MYSTIC HORSE

Goble (Storm Maker’s Tipi, 2001, etc.) returns with another engaging Native American legend complemented by his glorious illustrations—a mix of authentic and contemporary design. An old Pawnee woman and her grandson are very poor and walk behind the tribe, as they have no horse. One day they come across a seemingly worn-out horse. The boy cares for it as if it’s the most precious one in the tribe. In return for his kindness, the horse gives the boy advice that enables him to achieve status as a brave warrior. He goes beyond where the animal has directed him, however, and the horse is killed in battle. Realizing his foolishness, the boy retreats to sit in sorrow and remorse; the Father above allows the horse to come back to life. A series of events brings an entire herd of horses to the boy, who asks his grandmother to take one and give the rest to those in need. Never again are they viewed as poor. In fact, the boy is revered as “Piraski Resaru, Boy Chief” and the horse is known as the mystic horse. Goble’s storytelling is superb; his illustrations extraordinary and filled with fascinating detail. His characteristic, stylistically flat paintings accurately portray the Native American tribe he depicts and call to mind early Native American paintings. Using a palette of browns and golds, blues and greens, he creates a magnificent world of days long ago when the Pawnees valued their horses above all else. Author’s notes citing resources used as background verify the authenticity for both the words and the illustrations and provide insights into the history of the Pawnee nation. Goble’s fans will be delighted and new readers will be inspired to read more of his work. From an exceptional talent: a sure classic. (Picture book/folktale. 6-11)

Pub Date: April 1, 2003

ISBN: 0-06-029813-8

Page Count: 40

Publisher: HarperCollins

Review Posted Online: May 20, 2010

Kirkus Reviews Issue: March 1, 2003

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We challenge anyone to read this and keep a straight face.

THE BAD GUYS

From the Bad Guys series , Vol. 1

Four misunderstood villains endeavor to turn over a new leaf…or a new rap sheet in Blabey's frenzied romp.

As readers open the first page of this early chapter book, Mr. Wolf is right there to greet them, bemoaning his reputation. "Just because I've got BIG POINTY TEETH and RAZOR-SHARP CLAWS and I occasionally like to dress up like an OLD LADY, that doesn't mean… / … I'm a BAD GUY." To prove this very fact, Mr. Wolf enlists three equally slandered friends into the Good Guys Club: Mr. Snake (aka the Chicken Swallower), Mr. Piranha (aka the Butt Biter), and Mr. Shark (aka Jaws). After some convincing from Mr. Wolf, the foursome sets off determined to un-smirch their names (and reluctantly curbing their appetites). Although these predators find that not everyone is ready to be at the receiving end of their helpful efforts, they use all their Bad Guy know-how to manage a few hilarious good deeds. Blabey has hit the proverbial nail on the head, kissed it full on the mouth, and handed it a stick of Acme dynamite. With illustrations that startle in their manic comedy and deadpan direct address and with a narrative that follows four endearingly sardonic characters trying to push past (sometimes successfully) their fear-causing natures, this book instantly joins the classic ranks of Captain Underpants and The Stinky Cheese Man.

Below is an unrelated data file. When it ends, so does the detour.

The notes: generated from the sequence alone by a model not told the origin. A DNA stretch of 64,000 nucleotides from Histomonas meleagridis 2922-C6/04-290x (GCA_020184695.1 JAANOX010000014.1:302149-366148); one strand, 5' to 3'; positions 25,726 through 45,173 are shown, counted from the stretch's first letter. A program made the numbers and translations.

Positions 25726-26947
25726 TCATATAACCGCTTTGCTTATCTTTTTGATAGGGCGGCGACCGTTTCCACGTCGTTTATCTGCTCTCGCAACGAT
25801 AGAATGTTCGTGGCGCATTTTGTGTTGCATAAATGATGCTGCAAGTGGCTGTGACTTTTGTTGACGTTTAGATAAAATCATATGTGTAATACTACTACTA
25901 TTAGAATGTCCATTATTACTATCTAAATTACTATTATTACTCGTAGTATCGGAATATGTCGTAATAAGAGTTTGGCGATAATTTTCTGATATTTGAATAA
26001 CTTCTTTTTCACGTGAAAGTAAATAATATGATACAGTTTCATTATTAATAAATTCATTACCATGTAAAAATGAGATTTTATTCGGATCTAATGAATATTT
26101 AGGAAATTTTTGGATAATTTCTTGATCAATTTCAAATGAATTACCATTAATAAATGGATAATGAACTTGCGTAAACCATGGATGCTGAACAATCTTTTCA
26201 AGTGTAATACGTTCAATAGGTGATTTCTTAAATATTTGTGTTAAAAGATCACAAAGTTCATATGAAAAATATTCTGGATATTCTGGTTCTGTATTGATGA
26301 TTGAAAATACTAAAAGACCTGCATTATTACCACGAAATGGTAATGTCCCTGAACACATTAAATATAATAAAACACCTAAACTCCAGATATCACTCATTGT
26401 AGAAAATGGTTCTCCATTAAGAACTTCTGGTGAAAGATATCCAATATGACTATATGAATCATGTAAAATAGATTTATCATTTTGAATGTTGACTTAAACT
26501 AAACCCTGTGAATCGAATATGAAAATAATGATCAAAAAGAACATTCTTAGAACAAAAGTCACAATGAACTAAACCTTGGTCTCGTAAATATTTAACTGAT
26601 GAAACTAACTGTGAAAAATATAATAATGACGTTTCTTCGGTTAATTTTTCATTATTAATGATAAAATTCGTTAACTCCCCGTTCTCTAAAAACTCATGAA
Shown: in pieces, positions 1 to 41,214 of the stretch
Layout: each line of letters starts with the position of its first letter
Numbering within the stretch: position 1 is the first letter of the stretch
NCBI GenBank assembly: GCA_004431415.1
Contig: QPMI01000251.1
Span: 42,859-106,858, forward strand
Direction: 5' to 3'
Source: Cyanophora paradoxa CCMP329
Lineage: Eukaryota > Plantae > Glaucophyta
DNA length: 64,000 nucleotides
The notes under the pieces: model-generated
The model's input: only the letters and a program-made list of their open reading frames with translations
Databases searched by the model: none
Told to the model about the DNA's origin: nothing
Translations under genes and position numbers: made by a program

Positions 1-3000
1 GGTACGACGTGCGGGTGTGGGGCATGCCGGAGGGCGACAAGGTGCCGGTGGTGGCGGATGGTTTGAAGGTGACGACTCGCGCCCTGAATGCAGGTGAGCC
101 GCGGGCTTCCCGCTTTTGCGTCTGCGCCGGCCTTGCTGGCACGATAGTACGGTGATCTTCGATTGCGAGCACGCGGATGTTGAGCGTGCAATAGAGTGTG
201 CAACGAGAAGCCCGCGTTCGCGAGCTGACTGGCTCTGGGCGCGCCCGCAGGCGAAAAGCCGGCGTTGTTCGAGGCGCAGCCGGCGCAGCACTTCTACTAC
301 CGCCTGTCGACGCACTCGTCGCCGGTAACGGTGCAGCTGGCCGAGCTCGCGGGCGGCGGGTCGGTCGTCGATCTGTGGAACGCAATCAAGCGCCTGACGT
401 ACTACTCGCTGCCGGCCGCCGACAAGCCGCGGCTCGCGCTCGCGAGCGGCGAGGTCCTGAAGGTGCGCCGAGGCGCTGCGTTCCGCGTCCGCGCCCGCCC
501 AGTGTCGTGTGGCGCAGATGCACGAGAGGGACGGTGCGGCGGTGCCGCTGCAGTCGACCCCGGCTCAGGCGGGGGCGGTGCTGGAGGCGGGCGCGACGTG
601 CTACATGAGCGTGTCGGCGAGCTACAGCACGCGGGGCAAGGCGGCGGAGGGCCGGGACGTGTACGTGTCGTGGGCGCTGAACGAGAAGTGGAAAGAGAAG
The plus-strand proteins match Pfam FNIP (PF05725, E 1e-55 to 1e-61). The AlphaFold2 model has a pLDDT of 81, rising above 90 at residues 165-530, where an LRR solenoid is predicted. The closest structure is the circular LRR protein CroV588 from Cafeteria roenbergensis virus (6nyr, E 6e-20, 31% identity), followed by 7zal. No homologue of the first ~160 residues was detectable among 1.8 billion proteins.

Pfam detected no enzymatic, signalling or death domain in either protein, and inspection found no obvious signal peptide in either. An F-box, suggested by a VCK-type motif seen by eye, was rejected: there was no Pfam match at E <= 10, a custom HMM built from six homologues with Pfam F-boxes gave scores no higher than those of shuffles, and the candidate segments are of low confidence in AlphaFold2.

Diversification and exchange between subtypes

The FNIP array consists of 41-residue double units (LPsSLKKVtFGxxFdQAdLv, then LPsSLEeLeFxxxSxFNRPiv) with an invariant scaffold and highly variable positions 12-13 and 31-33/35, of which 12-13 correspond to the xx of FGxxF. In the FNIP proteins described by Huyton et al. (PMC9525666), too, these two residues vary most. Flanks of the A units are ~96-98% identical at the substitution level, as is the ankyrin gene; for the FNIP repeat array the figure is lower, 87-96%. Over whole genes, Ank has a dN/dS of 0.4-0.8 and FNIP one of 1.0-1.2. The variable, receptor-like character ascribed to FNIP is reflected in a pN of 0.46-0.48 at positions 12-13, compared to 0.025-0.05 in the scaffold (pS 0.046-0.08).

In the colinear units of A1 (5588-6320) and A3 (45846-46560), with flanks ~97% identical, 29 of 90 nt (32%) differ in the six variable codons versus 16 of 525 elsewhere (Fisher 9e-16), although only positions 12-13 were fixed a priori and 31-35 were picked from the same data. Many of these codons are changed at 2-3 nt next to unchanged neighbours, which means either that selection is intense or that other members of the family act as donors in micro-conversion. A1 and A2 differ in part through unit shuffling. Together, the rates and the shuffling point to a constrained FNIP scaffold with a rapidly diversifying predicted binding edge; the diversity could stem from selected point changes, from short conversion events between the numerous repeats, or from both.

We challenge anyone to read this and keep a straight face. (Fiction. 7-11)

Pub Date: Jan. 3, 2017

ISBN: 978-0-545-91240-2

Page Count: 144

Publisher: Scholastic

Review Posted Online: Sept. 19, 2016

Kirkus Reviews Issue: Oct. 1, 2016

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A lesson that never grows old, enacted with verve by two favorite friends

WAITING IS NOT EASY!

From the Elephant & Piggie series

Gerald the elephant learns a truth familiar to every preschooler—heck, every human: “Waiting is not easy!”

When Piggie cartwheels up to Gerald announcing that she has a surprise for him, Gerald is less than pleased to learn that the “surprise is a surprise.” Gerald pumps Piggie for information (it’s big, it’s pretty, and they can share it), but Piggie holds fast on this basic principle: Gerald will have to wait. Gerald lets out an almighty “GROAN!” Variations on this basic exchange occur throughout the day; Gerald pleads, Piggie insists they must wait; Gerald groans. As the day turns to twilight (signaled by the backgrounds that darken from mauve to gray to charcoal), Gerald gets grumpy. “WE HAVE WASTED THE WHOLE DAY!…And for WHAT!?” Piggie then gestures up to the Milky Way, which an awed Gerald acknowledges “was worth the wait.” Willems relies even more than usual on the slightest of changes in posture, layout and typography, as two waiting figures can’t help but be pretty static. At one point, Piggie assumes the lotus position, infuriating Gerald. Most amusingly, Gerald’s elephantine groans assume weighty physicality in spread-filling speech bubbles that knock Piggie to the ground. And the spectacular, photo-collaged images of the Milky Way that dwarf the two friends makes it clear that it was indeed worth the wait.

A lesson that never grows old, enacted with verve by two favorite friends . (Early reader. 6-8)

Pub Date: Nov. 4, 2014

ISBN: 978-1-4231-9957-1

Page Count: 64

Publisher: Hyperion

Review Posted Online: Nov. 5, 2014

Kirkus Reviews Issue: Nov. 15, 2014

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